Room, with a capital R

I have a feeling that I might not have enjoyed Room by Emma Donoghue so much if I am not a mother of a four-year-old boy. More often than not, I found myself wondering what is going on in the mind of my boy who laughs at a cartoon joke, cries when his defiant younger sister grabs his toy away and gets upset over a his own carelessness. The way he perceives the big bad world is obviously different from mine, and sometimes I wish that I could go back to the time when I still think like he does.

The main character in Room is a five-year-old boy Jack who has never gone out of the Room in which he was born in. The narration in Room is actually what goes inside Jack’s mind. What he sees, and how he perceives them. Everything in Room is the world to Jack. The only person whom he has contact with is his mother, whom he calls Ma. Ma was abducted and being involuntarily confined by her abductor Old Nick. Jack’s only access to the “outside world” is from what he sees on the television so he is not even very sure if this other world truly exists.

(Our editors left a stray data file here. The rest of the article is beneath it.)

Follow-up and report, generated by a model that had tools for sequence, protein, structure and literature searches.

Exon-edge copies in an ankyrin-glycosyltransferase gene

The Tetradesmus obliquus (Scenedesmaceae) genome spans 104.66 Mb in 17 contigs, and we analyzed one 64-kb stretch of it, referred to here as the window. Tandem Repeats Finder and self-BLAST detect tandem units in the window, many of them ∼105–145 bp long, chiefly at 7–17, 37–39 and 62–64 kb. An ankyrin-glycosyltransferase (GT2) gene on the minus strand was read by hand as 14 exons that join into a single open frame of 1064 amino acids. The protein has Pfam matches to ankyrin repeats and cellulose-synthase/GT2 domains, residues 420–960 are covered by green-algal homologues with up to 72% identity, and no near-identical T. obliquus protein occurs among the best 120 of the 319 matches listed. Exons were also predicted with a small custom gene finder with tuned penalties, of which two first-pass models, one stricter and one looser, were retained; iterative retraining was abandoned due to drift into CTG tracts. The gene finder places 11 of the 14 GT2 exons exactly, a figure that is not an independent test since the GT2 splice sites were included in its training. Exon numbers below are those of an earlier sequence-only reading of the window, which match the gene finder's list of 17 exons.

To me, Room could pass as a parenting book. Ma did her best to raise Jack up despite the circumstances. The description of their daily routine could seem to be mundane, but it was actually a portrayal of how Ma spent every moment to provide for Jack when they were held captive. It is not surprising, and a food for thought, that when they managed to escape, Jack found Ma to become distant and not being available for him as much as she used to.

There are critics who have written about the originality of the whole story line. When I started reading the book, I wasn’t aware of the cases which inspired Donoghue to write Room. I went into the reading without knowing what to expect, and found myself finishing the book within two weeks. A movie has been made but I am not too certain if it could capture the essence of the story — perception.



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